The orphaned VMs in vCenter inventory is an unusual view in experienced administrator’s Web/vSphere Client window. But in large environments, where many people manage hosts and VMs it will happen sometimes.
You do know how to get rid of them using traditional methods described in VMware KB articles and by other well known bloggers, but there’s a quite elegant new method using dcli.
This handy tool is available in vCLI package, in 6.5/6.7 vCSA shell and vCenter Server on Windows command prompt. Dcli does use APIs to give an administrator the interface to call some methods to get done or to automate some tasks.
How to use it to remove orphaned VMs from vCenter inventory?
Open an SSH session to vCSA and log in as root user.
Run dcli command in an interactive mode.
Get a list of VMs registered in vCenter’s inventory. Log in as administrator user in your SSO domain. You can save credentials in the credstore for future use.
From the displayed list get VM’s MoID (Managed Object Id) of the affected VM, e.g. vm-103.
Run this command to delete the record of the affected VM using its MoID from vCenter’s database.
Using Web/vSphere Client check the vCenter’s inventory if the affected VM is now deleted.
Part 2 – How to list vSwitch “MAC Address table” on ESXi host?
Creating virtual switch through GUI is well described in documentation and pretty intuitive using GUI. However, sometimes it might be useful to know how to do it with CLI or Powershell, thus making the process part of a script to automate initial configuration of ESXi after installation.
Here you will find commands which are necessary to create and configure a standard virtual switch using CLI and Powershell. Those examples will describe the process of vSwitch creation for vMotion traffic which involves VMkernel creation.
I. vSwitch configuration through CLI
Create a vSwitch named “vMotion”
esxcli network vswitch standard add -v vMotion
Check whether your newly created vSwitch was configured and is available on the list.
esxcli network vswitch standard list
Add physical uplink (vmnic) to your vSwitch
esxcli network vswitch standard uplink add -u vmnic4 -v vMotion
Designate an uplink to be used as active.
esxcli network vswitch standard policy failover set -a vmnic4 -v vMotion
Add a port group named “vMotion-PG” to previously created vSwitch
esxcli network vswitch standard portgroup add -v vMotion -p vMotion-PG
Add a VMkernel interface to a port group (Optional – not necessary if you are creating a vSwitch just for VM traffic)
esxcli network ip interface add -p vMotion-PG -i vmk9
Configure IP settings of a VMkernel adapter.
esxcli network ip interface ipv4 set -i vmk9 -t static -I 172.20.14.11 -N 255.255.255.0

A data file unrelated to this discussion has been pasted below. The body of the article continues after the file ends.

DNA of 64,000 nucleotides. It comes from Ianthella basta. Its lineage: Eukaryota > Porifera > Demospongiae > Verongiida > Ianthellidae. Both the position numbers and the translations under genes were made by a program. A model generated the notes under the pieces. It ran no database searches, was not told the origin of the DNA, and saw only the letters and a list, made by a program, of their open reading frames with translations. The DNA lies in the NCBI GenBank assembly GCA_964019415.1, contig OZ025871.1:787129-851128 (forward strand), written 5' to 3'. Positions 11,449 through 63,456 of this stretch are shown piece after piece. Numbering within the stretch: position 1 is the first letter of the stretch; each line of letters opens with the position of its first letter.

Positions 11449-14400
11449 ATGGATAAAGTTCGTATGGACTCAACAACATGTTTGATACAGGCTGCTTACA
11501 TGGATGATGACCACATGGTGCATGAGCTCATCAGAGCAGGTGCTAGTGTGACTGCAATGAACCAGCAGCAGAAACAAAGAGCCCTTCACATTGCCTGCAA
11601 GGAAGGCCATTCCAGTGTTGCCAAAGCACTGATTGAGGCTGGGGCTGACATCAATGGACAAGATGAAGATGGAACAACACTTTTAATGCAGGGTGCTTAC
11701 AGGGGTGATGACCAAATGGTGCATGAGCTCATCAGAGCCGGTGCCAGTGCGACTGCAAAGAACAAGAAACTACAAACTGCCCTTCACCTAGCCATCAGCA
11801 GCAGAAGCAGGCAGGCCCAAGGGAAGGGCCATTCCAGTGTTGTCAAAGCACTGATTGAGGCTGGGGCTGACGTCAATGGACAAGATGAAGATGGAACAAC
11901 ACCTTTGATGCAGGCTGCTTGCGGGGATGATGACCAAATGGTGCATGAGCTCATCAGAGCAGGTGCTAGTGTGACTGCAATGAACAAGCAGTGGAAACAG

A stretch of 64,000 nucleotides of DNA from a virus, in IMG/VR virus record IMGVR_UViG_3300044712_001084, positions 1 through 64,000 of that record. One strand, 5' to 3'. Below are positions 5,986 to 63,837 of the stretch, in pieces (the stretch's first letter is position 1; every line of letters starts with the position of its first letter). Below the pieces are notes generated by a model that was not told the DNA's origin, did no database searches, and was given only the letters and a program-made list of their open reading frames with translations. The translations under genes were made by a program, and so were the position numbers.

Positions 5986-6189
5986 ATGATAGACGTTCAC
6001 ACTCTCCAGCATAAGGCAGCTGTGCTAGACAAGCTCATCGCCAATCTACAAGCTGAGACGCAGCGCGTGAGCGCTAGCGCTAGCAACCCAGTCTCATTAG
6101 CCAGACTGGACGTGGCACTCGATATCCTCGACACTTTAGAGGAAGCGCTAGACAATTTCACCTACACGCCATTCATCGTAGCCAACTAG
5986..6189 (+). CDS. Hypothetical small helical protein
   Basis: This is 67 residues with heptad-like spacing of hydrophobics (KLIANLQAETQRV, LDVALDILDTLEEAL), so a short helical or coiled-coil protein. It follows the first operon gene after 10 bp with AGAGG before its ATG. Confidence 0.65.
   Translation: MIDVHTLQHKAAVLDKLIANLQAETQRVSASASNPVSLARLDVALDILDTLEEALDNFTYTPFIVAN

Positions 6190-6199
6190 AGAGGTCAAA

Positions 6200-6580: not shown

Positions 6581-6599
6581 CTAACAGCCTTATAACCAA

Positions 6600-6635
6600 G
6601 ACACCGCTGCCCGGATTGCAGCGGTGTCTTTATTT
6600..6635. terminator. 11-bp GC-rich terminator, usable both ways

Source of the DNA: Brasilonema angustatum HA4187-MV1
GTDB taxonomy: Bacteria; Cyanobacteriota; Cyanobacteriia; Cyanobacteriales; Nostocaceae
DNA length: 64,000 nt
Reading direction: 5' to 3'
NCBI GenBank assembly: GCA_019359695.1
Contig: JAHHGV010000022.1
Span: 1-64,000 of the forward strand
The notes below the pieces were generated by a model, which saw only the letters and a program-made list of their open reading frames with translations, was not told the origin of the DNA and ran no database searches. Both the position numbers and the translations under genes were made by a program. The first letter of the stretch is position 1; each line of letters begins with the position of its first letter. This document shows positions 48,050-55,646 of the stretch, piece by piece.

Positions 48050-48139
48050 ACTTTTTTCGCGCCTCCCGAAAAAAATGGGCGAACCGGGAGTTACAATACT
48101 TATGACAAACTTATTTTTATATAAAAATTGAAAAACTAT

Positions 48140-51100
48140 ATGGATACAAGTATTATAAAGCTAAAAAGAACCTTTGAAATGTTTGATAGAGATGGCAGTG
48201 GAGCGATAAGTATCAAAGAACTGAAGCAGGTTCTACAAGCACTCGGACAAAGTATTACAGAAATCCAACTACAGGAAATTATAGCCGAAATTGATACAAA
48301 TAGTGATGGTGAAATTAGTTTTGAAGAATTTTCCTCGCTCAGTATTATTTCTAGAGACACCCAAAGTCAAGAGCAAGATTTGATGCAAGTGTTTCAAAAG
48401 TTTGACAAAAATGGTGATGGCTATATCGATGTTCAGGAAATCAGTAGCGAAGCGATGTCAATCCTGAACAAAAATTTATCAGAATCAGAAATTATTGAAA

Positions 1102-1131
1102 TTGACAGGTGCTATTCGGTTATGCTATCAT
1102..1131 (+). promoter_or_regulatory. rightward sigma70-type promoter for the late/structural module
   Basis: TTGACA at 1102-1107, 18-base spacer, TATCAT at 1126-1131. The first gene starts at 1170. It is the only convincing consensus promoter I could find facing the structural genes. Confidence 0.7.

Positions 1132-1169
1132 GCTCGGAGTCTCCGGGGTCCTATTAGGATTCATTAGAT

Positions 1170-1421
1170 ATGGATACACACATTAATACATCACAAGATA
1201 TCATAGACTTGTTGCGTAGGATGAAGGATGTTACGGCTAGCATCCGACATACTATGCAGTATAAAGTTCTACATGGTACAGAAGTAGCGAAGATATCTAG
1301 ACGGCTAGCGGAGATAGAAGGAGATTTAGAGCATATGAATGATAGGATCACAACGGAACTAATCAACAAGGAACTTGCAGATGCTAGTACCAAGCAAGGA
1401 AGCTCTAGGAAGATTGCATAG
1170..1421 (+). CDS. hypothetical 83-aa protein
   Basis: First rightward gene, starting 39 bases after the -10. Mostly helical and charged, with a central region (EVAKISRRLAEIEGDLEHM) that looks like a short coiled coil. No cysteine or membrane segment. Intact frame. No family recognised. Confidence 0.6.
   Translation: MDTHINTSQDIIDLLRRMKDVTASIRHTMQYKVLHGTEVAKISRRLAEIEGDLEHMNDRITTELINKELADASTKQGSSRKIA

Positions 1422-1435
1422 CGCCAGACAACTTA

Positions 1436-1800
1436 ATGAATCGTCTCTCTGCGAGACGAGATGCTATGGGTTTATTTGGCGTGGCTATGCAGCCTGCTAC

Tag VMkernel adapter for a vMotion service. NOTE – service tag is case sensitive.
esxcli network ip interface tag add -i vmk9 -t vmotion
Done, your vSwitch is configured and ready to service vMotion traffic.
vSAN 6.6 it’s 6th generation of the product and there are more than 20+ new features and enhancements in this release, such as:
Native encryption for data-at-rest
Resilient management independent of vCenter
Degraded Disk Handling v2.0 (DDHv2)
Smart repairs and enhanced rebalancing
Intelligent rebuilds using partial repairs
Certified file service & data protection solutions
Stretched clusters with local failure protection
Site affinity for stretched clusters
1-click witness change for Stretched Cluster
vSAN Management Pack for vRealize
Enhanced vSAN SDK and PowerCLI
Simple networking with Unicast
vSAN Cloud Analytics with real-time support notification and recommendations
vSAN Config Assist with 1-click hardware lifecycle management
Extended vSAN Health Services
vSAN Easy Install with 1-click fixes
Up to 50% greater IOPS for all-flash with optimized checksum and dedupe
Support for new next-gen workloads
vSAN for Photon in Photon Platform 1.1
Day 0 support for latest flash technologies
Expanded caching tier choice
Docker Volume Driver 1.1
… ok now lets review main enhancements:
vSAN 6.6 introduces the industry’s first native HCI security solution. vSAN will now offer data-at-rest encryption that is completely hardware-agnostic. No more concern about someone walking off with a drive or breaking in to a less-secure, edge IT location and stealing hardware. Encryption is applied at the cluster level, and any data written to a vSAN storage device, both at the cache layer and persistent layer can now be fully encrypted. And vSAN 6.6 supports 2-factor authentication, including SecurID and CAC.
Certified file services and data protection solutions are available from 3rd party partners in the VMware Ready for vSAN Program to enable customers to extend and complement their vSAN environment with proven, industry-leading solutions. These solutions provide customers with detailed guidance on how to complement vSAN. (EMC NetWorker is avaialble today with new solutions coming on soon)
vSAN stretched cluster was released in Q3’15 to provide an Active-Active solution. vSAN 6.6 adds a major new capability that will deliver a highly-available stretched cluster that addresses the highest resiliency requirements of data centers. vSAN 6.6 adds support for local failure protection that can provide resiliency against both site failures and local component failures.
PowerCLI Updates: Full featured vSAN PowerCLI cmdlets enable full automation that includes all the latest features. SDK/API updates also enable enterprise-class automation that brings cloud management flexibility to storage by supporting REST APIs.
VMware vRealize Operations Management Pack for vSAN released recently, provides customers with native integration for simplified management and monitoring. The vSAN management pack is specifically designed to accelerate time to production with vSAN, optimize application performance for workloads running on vSAN and provide unified management for the Software Defined Datacenter (SDDC). It provides additional options for monitoring, managing and troubleshooting vSAN along with the end-to-end infrastructure solutions.